Melbourne's F1 race will only be held at Albert Park, Victorian State Government Minister Louise Asher said.
Her comments follow speculation that the event, criticised for costing taxpayers too much, could move to a bespoke facility to be built at Avalon airport.
"The Grand Prix is going to stay at Albert Park," she insisted during a parliamentary budget estimates hearing.
Albert Park's current contract runs through 2015 but it was negotiated by the former Labor government.
"When we come to negotiate we will play hardball," Asher said.
"I think taxpayers could get a better deal if the contract had less in it for my good friend Mr Ecclestone and more in it for Victorian taxpayers," she added.
Avalon chief Justin Giddings said he was disappointed the government is not open to hosting the race elsewhere.
"There's been a lot of discussion and we were looking forward to presenting something to the state government in the next few weeks but it appears it will be no longer worthwhile," he said.
Newey hopes Webber stays at Red Bull
Adrian Newey has revealed he would like to see Mark Webber stay with Red Bull Racing in 2012.
Along with other key players including designer Newey and team boss Christian Horner, Sebastian Vettel's contract for next year and beyond was recently extended.
34-year-old Webber, however, is currently scheduled to leave the dominant team at the end of the season, with bosses wanting to gauge his motivation and performance at a later date.
The Australian has struggled to match runaway championship leader Vettel's pace so far in 2011, with team driver manager Helmut Marko admitting recently that the young German alongside Lewis Hamilton would be a "fantasy" pairing.
"Crikey," Newey responded in an interview with The Guardian.
"I'm hoping Mark continues next season. Apart from being a great person, his contribution has been significant. He's been a pillar of the team from the start.
"Seb is very perceptive in his feedback in some regards and Mark is very perceptive in other areas. We listen to both and it helps the car," the Briton added.
He admitted Webber has struggled recently but is now "closing the gap" to Vettel.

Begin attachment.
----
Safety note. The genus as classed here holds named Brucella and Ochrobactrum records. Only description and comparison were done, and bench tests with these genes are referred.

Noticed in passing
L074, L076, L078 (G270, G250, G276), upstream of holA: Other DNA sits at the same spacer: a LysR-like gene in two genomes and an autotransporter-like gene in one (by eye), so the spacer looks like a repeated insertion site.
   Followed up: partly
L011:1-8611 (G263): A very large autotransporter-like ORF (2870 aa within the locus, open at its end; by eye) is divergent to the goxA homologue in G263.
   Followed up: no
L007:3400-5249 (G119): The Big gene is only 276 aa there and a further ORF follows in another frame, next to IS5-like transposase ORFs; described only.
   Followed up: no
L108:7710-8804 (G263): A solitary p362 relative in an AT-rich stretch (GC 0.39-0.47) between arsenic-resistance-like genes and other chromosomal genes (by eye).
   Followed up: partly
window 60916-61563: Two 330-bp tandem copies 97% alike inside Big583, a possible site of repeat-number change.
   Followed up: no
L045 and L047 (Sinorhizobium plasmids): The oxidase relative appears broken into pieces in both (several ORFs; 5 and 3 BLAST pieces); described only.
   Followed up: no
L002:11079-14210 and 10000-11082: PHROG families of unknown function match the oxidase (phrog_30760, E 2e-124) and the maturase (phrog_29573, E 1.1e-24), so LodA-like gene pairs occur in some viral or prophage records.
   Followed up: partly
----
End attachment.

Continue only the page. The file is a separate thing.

"At the moment he (Vettel) is really on top of his game. It's certainly not a case that Mark has been driving any slower -- that's for sure. Mark's just taken a bit longer to adapt to the Pirelli tyres but the gap is closing."
He said the drivers felt the enormous pressure of last year's championship battle and also revealed that he was affected physically by the death of Ayrton Senna in 1994.
"The little hair I had all fell out in the aftermath," said Newey, who designed the Williams that Senna raced at Imola. "So it changed me physically."
He believes Senna's crash was caused by a puncture rather than a failed steering column but is nonetheless reluctant to see the new film about the great Brazilian's career.
"No. It would not be an easy thing to do," he said.
A1-Ring not rebuilt for F1 tilt: Berger
The Red Bull Ring is ready for F1 but Gerhard Berger doubts its owner is pushing for the return of the Austrian Grand Prix.
Some years ago, the ten-time Grand Prix winner co-owned Toro Rosso with countryman and billionaire Dietrich Mateschitz, who at a nine-digit multi million Euro cost has rebuilt the former A1-Ring in picturesque Styria.
Mateschitz has played down the prospect of bidding for F1 but has achieved F1-standard homologation for the track, with Bernie Ecclestone admitting Austria's return to the F1 calendar is "possible" as he attended the circuit relaunch at the weekend.
"The track is completely formula one-capable, there's no doubt about that," Berger told the Austrian broadcaster ORF. "And if you know Didi Mateschitz and Red Bull, they always do the maximum.
"On the other hand, I don't think that (F1) is the idea behind it," he continued.
"The circuit has not been revitalised to bring a formula one race here, but simply to give a life back to Austrian motor racing. That's why it has happened in the first place.
"What comes next, we'll see," added Berger.